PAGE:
Bogota Metro: get an early start
Siemens last week expressed interest in supplying engineering and other services to a Bogotá Metro, which has not yet been approved.
On the other hand, Colombians seem likely to move forward with a plan, which has been a topic of conversation since the mid 1950s.
Companies will be invited to bid on a project, once a joint federal-municipal commission finishes a feasibility study.
The state will put up two-thirds of the cost, estimated at $3 billion.
Some 70% of the study has been completed on a 27-kilometer long first line, which will run from Transmilenio's Portal de las Américas in the Kennedy district in southwest Bogota, through the center of the city and then to Calle 127 in the northeast.
The subway will be electric and run entirely underground.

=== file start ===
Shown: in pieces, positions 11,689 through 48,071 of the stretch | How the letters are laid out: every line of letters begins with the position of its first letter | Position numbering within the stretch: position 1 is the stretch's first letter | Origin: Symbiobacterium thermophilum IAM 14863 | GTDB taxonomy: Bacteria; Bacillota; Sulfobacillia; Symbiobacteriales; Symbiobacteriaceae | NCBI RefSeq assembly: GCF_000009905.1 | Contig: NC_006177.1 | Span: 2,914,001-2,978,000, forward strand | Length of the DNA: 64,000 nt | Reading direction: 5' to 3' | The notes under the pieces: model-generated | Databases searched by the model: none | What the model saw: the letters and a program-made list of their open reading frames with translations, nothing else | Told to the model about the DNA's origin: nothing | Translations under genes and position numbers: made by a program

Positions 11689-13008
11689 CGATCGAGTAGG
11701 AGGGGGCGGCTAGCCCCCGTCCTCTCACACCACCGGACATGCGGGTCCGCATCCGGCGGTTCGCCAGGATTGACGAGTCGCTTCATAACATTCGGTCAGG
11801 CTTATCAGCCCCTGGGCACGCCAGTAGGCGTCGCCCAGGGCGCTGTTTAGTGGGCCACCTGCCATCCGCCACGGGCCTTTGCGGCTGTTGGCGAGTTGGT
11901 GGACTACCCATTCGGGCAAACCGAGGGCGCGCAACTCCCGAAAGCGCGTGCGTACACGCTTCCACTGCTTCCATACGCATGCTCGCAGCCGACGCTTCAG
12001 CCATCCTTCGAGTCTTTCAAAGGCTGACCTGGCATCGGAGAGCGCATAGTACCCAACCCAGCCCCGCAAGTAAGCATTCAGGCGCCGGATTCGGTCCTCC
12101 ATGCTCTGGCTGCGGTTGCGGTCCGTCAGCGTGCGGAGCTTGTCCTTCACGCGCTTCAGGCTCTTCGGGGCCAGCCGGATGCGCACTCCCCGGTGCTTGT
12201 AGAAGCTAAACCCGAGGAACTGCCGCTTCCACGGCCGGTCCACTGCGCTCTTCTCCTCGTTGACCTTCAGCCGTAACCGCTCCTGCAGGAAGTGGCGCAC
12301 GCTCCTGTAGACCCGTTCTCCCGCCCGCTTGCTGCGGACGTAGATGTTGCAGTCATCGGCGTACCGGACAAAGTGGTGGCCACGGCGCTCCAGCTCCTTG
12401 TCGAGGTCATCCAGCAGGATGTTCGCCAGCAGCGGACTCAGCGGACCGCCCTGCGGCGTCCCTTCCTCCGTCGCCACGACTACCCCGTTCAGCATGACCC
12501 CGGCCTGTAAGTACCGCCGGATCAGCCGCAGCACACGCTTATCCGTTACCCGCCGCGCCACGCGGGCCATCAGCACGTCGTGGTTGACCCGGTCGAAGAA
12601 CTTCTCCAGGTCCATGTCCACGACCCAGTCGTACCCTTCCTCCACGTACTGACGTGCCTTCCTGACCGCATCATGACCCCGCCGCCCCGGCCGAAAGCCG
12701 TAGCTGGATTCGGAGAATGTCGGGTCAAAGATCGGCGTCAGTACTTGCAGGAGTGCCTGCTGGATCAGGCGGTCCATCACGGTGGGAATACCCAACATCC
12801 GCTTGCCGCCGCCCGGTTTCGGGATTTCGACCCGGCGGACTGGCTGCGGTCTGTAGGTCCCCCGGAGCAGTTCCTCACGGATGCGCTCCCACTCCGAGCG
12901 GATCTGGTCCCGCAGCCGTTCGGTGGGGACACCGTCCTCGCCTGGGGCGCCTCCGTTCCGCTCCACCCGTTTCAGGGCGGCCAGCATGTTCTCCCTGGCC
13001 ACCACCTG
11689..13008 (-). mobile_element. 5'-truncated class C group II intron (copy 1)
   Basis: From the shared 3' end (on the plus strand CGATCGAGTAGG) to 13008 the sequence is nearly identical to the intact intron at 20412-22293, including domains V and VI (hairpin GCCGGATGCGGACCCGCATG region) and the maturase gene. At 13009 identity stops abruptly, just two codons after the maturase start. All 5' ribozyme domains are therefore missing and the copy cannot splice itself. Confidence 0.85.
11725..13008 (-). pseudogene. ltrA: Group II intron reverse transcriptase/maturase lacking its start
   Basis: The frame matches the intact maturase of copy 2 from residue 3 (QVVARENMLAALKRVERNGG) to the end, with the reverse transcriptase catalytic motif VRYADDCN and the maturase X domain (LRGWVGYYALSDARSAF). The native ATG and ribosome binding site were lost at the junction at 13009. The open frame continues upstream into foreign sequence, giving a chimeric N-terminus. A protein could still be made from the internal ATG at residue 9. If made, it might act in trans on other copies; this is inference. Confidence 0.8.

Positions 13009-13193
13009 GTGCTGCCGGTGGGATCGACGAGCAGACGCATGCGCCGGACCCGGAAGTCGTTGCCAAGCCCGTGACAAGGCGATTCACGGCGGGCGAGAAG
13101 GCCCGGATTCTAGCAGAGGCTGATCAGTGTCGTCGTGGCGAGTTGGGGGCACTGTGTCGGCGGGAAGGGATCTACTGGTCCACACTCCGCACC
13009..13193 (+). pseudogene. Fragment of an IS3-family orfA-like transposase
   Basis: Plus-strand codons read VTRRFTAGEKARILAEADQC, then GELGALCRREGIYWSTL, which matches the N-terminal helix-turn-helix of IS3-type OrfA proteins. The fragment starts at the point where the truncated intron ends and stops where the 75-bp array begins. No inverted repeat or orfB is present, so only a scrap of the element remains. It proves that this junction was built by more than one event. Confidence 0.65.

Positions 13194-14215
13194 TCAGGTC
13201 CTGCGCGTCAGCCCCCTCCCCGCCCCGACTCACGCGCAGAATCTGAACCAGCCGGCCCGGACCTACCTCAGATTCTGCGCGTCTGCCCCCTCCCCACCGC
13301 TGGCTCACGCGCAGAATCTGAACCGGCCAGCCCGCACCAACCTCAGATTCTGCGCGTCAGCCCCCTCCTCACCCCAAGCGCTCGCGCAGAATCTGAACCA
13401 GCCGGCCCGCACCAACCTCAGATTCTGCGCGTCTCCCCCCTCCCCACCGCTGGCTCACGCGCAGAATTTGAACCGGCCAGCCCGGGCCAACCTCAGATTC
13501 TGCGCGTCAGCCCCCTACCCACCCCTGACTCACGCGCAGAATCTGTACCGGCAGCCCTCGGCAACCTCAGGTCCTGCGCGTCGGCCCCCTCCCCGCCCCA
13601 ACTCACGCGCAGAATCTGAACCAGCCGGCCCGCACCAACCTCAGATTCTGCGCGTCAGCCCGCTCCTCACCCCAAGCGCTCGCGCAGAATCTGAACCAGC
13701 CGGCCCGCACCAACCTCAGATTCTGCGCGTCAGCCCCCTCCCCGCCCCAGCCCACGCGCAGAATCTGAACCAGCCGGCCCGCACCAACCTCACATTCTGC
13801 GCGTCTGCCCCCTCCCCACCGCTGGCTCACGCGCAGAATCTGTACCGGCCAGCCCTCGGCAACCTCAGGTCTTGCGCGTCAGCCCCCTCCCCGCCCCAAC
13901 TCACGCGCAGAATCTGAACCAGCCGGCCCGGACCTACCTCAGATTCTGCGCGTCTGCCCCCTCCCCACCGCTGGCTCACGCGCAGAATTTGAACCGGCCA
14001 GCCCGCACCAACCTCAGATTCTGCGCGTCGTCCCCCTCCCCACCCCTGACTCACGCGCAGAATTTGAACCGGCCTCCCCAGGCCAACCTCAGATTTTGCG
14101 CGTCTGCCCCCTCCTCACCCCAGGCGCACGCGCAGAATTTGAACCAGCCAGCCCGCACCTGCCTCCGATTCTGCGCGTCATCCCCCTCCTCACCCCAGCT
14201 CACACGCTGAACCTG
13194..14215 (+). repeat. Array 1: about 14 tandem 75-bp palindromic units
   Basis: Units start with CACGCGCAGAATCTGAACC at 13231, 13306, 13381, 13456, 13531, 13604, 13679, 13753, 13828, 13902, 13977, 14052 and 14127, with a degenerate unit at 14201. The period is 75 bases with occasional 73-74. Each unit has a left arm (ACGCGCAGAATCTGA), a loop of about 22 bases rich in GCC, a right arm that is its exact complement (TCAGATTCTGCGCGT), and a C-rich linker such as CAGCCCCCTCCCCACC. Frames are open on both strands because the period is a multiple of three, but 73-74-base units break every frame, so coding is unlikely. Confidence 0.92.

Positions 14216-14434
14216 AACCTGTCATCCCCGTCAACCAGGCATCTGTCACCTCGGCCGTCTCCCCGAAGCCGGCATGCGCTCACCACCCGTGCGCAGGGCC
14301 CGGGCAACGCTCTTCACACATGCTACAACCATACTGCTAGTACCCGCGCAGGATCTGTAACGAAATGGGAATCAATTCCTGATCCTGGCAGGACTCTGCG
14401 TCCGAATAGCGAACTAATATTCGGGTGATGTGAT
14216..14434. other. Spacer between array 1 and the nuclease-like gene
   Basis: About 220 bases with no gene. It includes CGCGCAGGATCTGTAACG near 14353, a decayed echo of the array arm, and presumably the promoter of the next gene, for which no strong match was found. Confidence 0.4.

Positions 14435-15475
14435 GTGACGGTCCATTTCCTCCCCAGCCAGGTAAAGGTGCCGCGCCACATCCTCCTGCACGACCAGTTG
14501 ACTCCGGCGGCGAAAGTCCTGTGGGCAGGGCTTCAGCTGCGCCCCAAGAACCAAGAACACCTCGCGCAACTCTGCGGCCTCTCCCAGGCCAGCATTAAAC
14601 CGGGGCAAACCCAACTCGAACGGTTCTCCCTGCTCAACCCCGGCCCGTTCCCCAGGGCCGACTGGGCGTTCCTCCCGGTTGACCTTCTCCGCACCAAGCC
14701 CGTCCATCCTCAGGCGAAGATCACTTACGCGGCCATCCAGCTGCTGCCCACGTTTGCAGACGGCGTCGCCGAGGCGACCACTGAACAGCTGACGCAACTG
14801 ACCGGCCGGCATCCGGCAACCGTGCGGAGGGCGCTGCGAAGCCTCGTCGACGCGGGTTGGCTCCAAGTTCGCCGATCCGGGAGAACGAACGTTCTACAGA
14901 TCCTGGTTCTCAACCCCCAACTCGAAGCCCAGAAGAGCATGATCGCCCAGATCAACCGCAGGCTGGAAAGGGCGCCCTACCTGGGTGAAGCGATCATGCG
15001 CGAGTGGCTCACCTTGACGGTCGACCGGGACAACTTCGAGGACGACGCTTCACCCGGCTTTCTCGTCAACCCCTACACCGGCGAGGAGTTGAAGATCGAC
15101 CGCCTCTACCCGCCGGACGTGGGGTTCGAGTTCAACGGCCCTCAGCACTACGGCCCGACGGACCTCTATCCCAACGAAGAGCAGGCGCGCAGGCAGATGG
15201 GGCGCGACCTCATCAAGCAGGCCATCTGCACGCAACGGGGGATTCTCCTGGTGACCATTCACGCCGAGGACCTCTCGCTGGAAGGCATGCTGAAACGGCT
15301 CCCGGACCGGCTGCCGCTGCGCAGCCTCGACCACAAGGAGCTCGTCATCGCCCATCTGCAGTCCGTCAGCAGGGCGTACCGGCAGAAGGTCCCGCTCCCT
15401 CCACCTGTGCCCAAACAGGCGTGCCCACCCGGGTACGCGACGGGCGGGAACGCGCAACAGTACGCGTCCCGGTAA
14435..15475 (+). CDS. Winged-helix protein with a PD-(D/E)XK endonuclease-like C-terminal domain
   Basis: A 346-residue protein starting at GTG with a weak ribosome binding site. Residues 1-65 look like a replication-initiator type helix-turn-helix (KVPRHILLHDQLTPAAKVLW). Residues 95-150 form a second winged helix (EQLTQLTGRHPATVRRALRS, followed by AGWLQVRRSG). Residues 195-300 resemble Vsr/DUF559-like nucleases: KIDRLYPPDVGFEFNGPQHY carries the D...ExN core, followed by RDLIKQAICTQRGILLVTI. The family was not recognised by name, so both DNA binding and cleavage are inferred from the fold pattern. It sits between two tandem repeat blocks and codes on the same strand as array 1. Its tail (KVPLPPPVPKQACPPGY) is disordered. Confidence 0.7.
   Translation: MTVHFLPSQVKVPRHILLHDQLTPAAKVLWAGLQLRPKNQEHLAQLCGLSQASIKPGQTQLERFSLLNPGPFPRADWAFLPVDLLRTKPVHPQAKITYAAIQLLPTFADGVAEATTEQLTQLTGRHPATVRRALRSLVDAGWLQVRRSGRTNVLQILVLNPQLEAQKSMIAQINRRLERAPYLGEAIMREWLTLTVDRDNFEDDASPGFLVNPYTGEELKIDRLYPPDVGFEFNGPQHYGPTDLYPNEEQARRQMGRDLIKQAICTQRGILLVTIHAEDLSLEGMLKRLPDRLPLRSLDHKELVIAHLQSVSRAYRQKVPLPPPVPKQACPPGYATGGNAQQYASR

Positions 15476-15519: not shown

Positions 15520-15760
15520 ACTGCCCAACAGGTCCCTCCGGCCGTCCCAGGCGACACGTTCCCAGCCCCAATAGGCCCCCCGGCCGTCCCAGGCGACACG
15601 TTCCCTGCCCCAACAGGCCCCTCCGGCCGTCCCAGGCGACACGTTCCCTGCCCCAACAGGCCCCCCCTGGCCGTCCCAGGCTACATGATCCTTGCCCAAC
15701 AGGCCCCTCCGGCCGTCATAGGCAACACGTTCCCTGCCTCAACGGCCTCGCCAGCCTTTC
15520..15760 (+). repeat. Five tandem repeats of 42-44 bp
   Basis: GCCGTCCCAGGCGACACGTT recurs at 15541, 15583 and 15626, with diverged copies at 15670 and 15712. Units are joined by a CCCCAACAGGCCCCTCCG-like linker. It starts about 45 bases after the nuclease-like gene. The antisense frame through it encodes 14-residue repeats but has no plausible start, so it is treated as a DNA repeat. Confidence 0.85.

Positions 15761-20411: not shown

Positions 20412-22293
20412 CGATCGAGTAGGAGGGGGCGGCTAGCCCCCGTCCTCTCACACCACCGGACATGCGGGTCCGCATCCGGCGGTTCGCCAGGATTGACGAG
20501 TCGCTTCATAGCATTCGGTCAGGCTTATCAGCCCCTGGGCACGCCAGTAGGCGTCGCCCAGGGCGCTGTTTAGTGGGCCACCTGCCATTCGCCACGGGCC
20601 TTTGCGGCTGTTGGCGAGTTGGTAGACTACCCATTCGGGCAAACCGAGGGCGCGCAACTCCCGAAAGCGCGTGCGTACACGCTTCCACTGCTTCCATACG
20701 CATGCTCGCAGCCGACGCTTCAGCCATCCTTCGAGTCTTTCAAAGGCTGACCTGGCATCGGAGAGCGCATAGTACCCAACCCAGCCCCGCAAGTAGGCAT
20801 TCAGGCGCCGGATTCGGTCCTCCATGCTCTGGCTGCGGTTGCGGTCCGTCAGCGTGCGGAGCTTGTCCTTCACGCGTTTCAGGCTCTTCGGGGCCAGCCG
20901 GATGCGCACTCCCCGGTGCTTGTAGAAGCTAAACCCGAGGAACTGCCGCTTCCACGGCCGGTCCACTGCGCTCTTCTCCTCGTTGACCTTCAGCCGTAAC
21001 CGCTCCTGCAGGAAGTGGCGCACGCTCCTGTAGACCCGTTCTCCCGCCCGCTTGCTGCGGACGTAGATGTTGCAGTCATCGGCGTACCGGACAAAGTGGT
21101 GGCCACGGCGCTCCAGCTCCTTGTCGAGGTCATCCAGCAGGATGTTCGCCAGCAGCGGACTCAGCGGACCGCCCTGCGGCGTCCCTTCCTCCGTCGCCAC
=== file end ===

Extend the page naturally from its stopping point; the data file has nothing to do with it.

Currently, there are more than 3 million car trips daily in Bogota, where traffic for years has been notoriously congested.
Siemens would be interested in bidding on various aspects of the project, including underground 4G wireless service, Daniel Fernandez, the company’s vice president for Latin America, said last week.
The company previously won a bid to install Colombia’s biggest intelligent traffic-control system, and was part of a consortium, which in the 1980s built the Medellin Metro.